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September 19, 2018

Sticking to strategy

AUTO-EXPRESS COMPANY MANAGING DIRECTOR MR SANDEEP SHAH(L)WITH OVERALL WINNER OF  GOLF TOP PRIZE AT KERICHO CLUB ASHISH SODHA(R)PICTURE BY SONU TANUEND
AUTO-EXPRESS COMPANY MANAGING DIRECTOR MR SANDEEP SHAH(L)WITH OVERALL WINNER OF GOLF TOP PRIZE AT KERICHO CLUB ASHISH SODHA(R)PICTURE BY SONU TANUEND

             There are many tools and processes available to leadership teams which want to strategise. So many questions to answer; so many options to expound that your strategic process often becomes an end rather than a means.

              But there’s one thing harder than coming up with a winning strategy … and that’s sticking to it. The temptation to tinker starts as soon as the ink is dry. And it is hard to resist.

               Here’s what happens if you don’t stick to your plan. First the employees to whom you sold the plan begin to ask questions. Employees like bosses who set a clear direction and explain the role they have to play. Conversely they dislike change – which always means more work, and often provokes conflict.

               Secondly, your partners roll their eyes. Those critical supporters in retail or logistics, who went out of their way to accommodate your intentions into their own plan. This is a problem because your partners should be net promoters to other parties in the business community.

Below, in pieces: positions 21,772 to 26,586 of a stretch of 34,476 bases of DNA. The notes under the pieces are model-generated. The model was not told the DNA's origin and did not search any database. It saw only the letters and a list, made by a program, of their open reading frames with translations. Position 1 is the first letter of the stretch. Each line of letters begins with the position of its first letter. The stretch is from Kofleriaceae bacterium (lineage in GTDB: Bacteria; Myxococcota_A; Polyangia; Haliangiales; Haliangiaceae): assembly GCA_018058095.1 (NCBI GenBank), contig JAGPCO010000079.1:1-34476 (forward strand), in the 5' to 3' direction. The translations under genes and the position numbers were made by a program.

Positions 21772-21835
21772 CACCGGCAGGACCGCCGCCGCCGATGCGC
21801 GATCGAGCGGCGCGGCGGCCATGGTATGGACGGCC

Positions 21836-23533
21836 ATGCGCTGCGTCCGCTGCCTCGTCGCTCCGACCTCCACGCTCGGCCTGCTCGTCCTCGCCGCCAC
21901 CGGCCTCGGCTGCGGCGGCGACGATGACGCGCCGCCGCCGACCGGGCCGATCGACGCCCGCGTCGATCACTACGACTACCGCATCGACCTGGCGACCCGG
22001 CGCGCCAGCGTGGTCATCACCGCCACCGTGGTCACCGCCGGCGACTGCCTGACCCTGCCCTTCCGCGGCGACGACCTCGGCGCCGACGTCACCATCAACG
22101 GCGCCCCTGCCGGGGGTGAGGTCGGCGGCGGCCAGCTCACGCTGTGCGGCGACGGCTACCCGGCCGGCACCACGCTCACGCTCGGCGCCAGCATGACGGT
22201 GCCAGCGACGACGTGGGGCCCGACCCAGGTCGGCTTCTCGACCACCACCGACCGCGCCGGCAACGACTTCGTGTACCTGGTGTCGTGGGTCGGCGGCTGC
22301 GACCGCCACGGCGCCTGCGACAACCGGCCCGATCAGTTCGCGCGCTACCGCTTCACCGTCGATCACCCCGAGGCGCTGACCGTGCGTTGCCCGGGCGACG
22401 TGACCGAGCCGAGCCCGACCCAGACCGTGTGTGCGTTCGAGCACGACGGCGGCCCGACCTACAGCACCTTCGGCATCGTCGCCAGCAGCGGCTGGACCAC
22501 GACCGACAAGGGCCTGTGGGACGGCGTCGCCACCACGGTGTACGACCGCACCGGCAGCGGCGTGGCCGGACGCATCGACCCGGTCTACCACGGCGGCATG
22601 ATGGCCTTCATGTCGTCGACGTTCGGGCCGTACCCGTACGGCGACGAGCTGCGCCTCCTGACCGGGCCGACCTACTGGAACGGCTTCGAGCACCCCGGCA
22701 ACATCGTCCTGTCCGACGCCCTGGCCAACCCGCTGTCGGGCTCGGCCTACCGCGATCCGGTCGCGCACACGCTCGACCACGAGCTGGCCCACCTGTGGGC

Thirdly your customers become puzzled and unsettled. Indeed if you have created a popular brand you may find consumers actively opposing changes in strategy. Brands exist in the hearts and minds of people who buy them.

                  I reconnected recently with two brands that have stuck to their strategy.

                  Eight years ago I was privileged to work with a company that started life as a tyre dealer in Western Kenya. They had built a good business in partnership with Pirelli (which continues to this day) but aspired to their own brand success. Together we worked on a strategy for the brand AutoXpress (www.auto-xpress.co.ke).

                    One pillar of that strategy was the requirement to create highly visible tyre centres. They stuck to their plan, and now boast 29 outlets in Kenya, Tanzania and Rwanda. They executed their brand identity to exactly the same standard in every location, which is much harder than it sounds. Now they’re taking that discipline online to create a characteristic place where customers can cost and compare, and book appointments to fit a wide range of auto accessories. They are also line - extending into more capable auto-repair centres in partnership with global leader Bosch. All of which represents innovation in line with the original strategy.

                     This past weekend I was on a ranch, re-engaging with a brand called Mara Beef. A brand in the early stages of development, adhering to the principles we originally agreed. There’s adding value: better cattle husbandry, modern abbatoir, and tasty product development. Vehicles and packaging bear a simple, strong logo that connotes healthy grass-fed beef. They have enlisted the participation of local communities.

                       Mara Beef is laying the foundations of a food brand we will come to admire in future … and sticking to its strategy.

Chris Harrison leads The Brand Inside.
 www.thebrandinside.com

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